Mr. Smith Goes on the Take

No, not that Mr. Smith, the other one, Gregory W. Smith, the former program director of the “royalty-in-kind program” at the Interior Department.

 

Gregory Smith is one of 19 officials (about one-third of the program’s staff) who accepted gratuities from oil companies including Chevron and Shell, while conducting official business.

As the New York Times reported (Sept. 11), the Interior “…department’s inspector general, Earl E. Devaney, found wrongdoing by… former employees of the Minerals Management Service, which collects about $10 billion in royalties annually and is one of the government’s largest sources of revenue other than taxes.”

“A culture of ethical failure” is how Devaney described actions by the Interior Department. Among the specific allegations against Gregory Smith, the report cites:

“Mr. Smith improperly used his position… to help a technical services firm seek deals with the same oil and gas companies.  The services firm paid Mr. Smith more than $30,000 for asking the oil companies to hire it.

“Mr. Smith… misled the [Interior Dept.] into thinking he would be performing technical consulting, rather than marketing the firm to companies with which he also conducted official business.”

Mr. Smith “…improperly [accepted] gifts from the oil and gas industry… [Engaged] in sex with two subordinates, and [used] cocaine that he purchased from his secretary or her boyfriend several times a year…

“Mr. Smith lied to investigators about these and other incidents, and… urged the two women subordinates to mislead the investigators…”

Mr. Devaney “…urged the administration to take administrative action against several of the officials… But two of the highest-ranking officials… will apparently escape sanction.  Both retired during the investigation, rendering them safe from any administrative punishment, and the Justice Department has declined to prosecute them on the charges…” As of this writing, the Justice Department has offered no explanation.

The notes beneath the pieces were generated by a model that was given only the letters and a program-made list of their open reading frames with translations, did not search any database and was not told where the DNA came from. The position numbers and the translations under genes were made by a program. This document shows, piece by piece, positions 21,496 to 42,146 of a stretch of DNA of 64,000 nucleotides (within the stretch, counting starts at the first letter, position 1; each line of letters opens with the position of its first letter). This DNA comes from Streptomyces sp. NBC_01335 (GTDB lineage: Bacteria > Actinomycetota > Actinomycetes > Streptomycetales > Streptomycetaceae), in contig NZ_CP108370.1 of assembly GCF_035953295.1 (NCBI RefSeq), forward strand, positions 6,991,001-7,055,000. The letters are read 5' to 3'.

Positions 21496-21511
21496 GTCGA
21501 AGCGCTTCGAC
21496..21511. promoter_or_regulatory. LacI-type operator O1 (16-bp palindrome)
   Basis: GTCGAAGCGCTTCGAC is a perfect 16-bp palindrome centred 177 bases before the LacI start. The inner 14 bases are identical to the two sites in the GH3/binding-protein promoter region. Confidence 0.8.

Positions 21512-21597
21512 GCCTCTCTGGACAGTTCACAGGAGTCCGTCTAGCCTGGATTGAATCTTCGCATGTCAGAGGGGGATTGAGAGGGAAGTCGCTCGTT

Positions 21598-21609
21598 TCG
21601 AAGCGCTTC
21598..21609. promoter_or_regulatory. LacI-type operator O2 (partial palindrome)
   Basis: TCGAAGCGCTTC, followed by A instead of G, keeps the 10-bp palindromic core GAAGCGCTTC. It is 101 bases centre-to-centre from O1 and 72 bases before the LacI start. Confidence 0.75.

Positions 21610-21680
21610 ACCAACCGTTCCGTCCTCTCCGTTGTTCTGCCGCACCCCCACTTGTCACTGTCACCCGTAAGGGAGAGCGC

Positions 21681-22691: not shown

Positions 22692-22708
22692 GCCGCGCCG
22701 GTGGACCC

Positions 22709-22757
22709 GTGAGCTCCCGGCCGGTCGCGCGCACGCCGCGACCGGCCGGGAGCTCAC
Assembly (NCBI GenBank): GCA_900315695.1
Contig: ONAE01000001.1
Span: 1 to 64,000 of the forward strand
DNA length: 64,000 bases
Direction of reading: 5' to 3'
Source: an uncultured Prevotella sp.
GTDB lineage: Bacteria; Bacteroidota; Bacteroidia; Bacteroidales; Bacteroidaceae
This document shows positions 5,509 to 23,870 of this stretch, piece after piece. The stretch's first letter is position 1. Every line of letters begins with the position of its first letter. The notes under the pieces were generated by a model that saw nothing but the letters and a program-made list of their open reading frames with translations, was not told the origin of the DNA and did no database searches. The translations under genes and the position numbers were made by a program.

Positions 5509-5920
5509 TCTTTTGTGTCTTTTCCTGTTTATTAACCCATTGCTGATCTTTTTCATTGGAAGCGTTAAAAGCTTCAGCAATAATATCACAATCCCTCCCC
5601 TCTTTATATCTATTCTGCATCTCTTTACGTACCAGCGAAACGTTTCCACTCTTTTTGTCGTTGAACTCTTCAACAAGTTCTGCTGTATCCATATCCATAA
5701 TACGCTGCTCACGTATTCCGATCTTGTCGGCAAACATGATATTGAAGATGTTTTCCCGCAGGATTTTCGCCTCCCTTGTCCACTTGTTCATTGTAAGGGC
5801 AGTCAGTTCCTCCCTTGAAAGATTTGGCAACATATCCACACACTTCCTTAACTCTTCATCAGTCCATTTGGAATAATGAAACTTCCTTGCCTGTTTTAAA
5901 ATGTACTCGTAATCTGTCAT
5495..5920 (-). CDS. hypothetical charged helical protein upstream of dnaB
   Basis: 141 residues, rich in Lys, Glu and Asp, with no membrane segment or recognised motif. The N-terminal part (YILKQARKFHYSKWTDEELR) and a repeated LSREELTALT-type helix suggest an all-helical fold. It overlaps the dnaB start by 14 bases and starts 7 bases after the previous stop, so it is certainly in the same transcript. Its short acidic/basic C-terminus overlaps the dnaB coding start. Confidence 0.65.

Watching the Frank Capra classic last night, I was struck by some similarities.

Jimmy Stewart tries to fight a corrupt politician sponsored by a corporate bully.  In today’s incarnation, the corporate bully is played by several oil companies. The Jimmy Stewart part is played by the Interior Department’s own inspector general, Earl Devaney.  And just like Stewart’s stalwart, junior senator, Devaney has gained his own attention-grabbing headlines.

However, near the end of “Mr. Smith,” the corrupt Senator Paine ultimately confesses the truth behind the scheme, vindicating Smith.  But the film ends before we ever get to see any significant change in Washington.  It’s assumed.

Inspector General Devaney’s report has made national headlines, exposing the truth.  But will we ever get to see any meaningful change?

Both presidential candidates have routinely made “change in Washington” part of their campaign mantras.  In fact, in his convention speech, Senator McCain said, “We lost the trust of the American people when some Republicans gave in to the temptations of corruption.”

Last night, in a forum at New York’s Columbia University, Senator Obama stressed the need to “…bring transparency and accountability to Washington.”

If McCain and Obama are serious about the change they advocate, they must recognize that before they can deal with the economy, before healthcare, education, even before dealing with the war in Iraq, they need to start with reforming howgovernment operates.

They need to develop and implement significant ethics reform; the kind that makes clear that if anyone violates the trust of the American people, they will be held accountable and face the full force of consequences, even if they’ve retired from office.

In spite of its sentimental idealism, “Mr. Smith Goes to Washington” is the ultimate lesson in “Country First.”  It’s a lesson that all members of congress should revisit if they are ever to regain the trust of the American people.

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